Local budgets usually reflect the basic priorities of the community, centered on public education, human services, public safety, and other public services that most people in Northern Virginia consider as basic to our quality of life. The Covid-19 pandemic is causing renewed scrutiny and concern about provision of local services, and the picture is not a pretty one. In fact, it may be quite stark as the pandemic increases its intensity in this country right now.
Presentations at the Board of Supervisors’ Budget Committee meeting on Tuesday reiterated the sound budget and finance principles that have formed the basis for budget formation and decisions for decades, and maintain Fairfax County’s AAA bond ratings from Fitch, Standard and Poor, and Moody’s rating services. That was the good news.
The not-so-good news about the effect of the pandemic on the proposed FY 2021 county budget was not unexpected. A quick, back of the envelope estimate of anticipated lost revenue is in the upper tens of millions of dollars — reduced retail sales taxes, transient occupancy taxes (hotels in the county have experienced drastic fall-offs, as much as 90 percent of volume since the beginning of the pandemic), personal property taxes, and investment income. Still unknown, of course, are the long-term effects of the emergency as residents and businesses alike struggle to adapt to what apparently is the “new normal.”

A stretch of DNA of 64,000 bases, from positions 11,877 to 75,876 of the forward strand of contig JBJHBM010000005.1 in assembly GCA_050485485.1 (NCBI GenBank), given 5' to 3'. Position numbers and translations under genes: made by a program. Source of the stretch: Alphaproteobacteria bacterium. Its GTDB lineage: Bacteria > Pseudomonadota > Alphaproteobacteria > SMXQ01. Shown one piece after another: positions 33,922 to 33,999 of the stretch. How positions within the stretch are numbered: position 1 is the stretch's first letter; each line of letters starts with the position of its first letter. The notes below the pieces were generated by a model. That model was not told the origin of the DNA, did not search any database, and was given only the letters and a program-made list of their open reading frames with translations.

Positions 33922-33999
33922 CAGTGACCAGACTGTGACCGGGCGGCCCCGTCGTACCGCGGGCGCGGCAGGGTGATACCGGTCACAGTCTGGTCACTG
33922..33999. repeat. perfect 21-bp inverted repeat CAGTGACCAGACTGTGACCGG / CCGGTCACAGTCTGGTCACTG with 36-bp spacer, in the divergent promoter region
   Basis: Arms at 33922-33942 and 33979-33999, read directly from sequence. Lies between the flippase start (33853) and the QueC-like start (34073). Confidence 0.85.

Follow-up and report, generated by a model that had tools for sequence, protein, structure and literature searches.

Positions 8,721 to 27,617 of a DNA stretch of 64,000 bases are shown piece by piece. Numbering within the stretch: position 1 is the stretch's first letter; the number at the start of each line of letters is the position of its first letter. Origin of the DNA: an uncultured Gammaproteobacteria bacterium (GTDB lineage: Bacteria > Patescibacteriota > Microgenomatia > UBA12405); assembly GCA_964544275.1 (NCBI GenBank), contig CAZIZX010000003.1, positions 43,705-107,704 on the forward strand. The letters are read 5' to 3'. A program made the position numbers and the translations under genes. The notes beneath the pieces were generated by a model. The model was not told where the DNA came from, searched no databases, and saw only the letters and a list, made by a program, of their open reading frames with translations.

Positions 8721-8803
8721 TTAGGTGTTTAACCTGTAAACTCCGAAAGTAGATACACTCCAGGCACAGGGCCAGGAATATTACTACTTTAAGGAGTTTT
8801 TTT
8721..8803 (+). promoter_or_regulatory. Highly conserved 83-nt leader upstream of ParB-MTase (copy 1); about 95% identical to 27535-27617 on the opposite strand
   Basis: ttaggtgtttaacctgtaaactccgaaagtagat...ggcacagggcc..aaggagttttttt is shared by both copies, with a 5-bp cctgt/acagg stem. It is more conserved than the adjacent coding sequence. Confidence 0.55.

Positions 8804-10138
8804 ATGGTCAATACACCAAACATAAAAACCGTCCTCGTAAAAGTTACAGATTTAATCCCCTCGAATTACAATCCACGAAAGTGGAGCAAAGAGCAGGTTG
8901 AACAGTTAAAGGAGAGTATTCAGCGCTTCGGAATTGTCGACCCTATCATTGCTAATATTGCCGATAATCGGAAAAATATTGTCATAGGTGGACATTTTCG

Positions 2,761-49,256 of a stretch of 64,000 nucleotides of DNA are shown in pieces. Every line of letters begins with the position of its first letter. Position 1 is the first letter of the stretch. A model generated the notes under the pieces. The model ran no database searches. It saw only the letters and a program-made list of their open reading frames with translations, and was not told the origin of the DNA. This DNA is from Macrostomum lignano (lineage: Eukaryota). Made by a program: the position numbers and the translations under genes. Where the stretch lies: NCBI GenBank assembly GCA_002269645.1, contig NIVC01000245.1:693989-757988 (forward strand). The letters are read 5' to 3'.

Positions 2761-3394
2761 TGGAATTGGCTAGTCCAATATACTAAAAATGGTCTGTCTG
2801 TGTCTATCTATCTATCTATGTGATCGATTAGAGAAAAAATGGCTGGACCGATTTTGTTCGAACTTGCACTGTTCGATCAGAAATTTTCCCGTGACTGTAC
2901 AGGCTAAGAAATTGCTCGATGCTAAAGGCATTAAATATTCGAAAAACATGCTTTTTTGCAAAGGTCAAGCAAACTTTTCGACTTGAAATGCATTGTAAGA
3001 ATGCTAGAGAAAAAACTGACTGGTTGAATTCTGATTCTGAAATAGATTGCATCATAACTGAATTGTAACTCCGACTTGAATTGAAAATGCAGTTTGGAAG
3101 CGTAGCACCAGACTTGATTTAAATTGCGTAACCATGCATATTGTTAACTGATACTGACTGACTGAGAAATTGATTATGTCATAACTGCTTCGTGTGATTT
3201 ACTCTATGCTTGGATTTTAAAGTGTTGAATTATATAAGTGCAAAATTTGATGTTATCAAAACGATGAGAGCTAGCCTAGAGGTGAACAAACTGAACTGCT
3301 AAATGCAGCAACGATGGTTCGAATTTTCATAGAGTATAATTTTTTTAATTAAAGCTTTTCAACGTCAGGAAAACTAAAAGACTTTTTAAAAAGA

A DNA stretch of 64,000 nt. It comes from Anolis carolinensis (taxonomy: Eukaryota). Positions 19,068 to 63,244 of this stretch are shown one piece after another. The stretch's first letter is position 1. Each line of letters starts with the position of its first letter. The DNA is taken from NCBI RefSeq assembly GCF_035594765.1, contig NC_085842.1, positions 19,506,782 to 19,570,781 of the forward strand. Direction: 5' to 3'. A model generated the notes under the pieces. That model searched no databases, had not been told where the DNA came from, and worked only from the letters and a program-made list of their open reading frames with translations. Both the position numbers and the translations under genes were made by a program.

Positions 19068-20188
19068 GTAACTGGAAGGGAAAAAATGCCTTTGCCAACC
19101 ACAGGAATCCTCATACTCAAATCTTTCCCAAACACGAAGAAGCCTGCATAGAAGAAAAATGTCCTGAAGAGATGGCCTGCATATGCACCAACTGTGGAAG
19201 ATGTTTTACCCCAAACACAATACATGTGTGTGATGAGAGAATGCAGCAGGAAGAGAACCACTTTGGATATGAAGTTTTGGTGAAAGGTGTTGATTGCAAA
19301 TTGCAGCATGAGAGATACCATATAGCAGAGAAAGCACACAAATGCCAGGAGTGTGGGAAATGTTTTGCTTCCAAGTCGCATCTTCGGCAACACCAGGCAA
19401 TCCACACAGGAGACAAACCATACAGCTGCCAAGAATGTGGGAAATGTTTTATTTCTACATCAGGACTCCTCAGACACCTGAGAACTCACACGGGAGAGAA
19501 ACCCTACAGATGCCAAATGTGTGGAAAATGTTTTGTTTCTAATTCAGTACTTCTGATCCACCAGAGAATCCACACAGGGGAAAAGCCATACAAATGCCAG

Calls to the county’s Coordinated Services Planning (CSP) hotline (703-222-0880) increased by 37 percent through March 25, and most requests were for help with rent, utilities, and emergency food assistance. Non-profit partners have stepped up to help, even as some of their employees are facing potential lay-offs. Spring is the fund-raising season for many non-profit organizations, which have had to cancel galas and other events because of Covid-19. A good way to help during the pandemic is to contribute what cash you can, or maybe new or unused gift cards, to a favorite local charity.
County Executive Bryan Hill will present a recalculated proposed FY 2021 budget at a special budget committee meeting next Tuesday, April 7. Chairman Jeff McKay reminded the Board that any budget pain will be shared across agencies, including schools. The Board will hold previously announced public hearings about the budget on April 14, 15 and 16, but the normal process of appearing in person will be changed to permit video testimony and social distancing. Residents who already have signed up to speak will be contacted by the Clerk to the Board regarding the new procedures. Despite the pandemic emergency, according to state law, the Board must adopt a balanced budget this spring, and the budget vote is scheduled for May 5.
Wednesday was Census Day. Did you respond to the Census invitation you received at home about three weeks ago? It’s not too late to get online and send in your responses. Your invitation had a password unique to your home, so that you can access the right file. It’s quick, it’s easy, and you already know all the answers!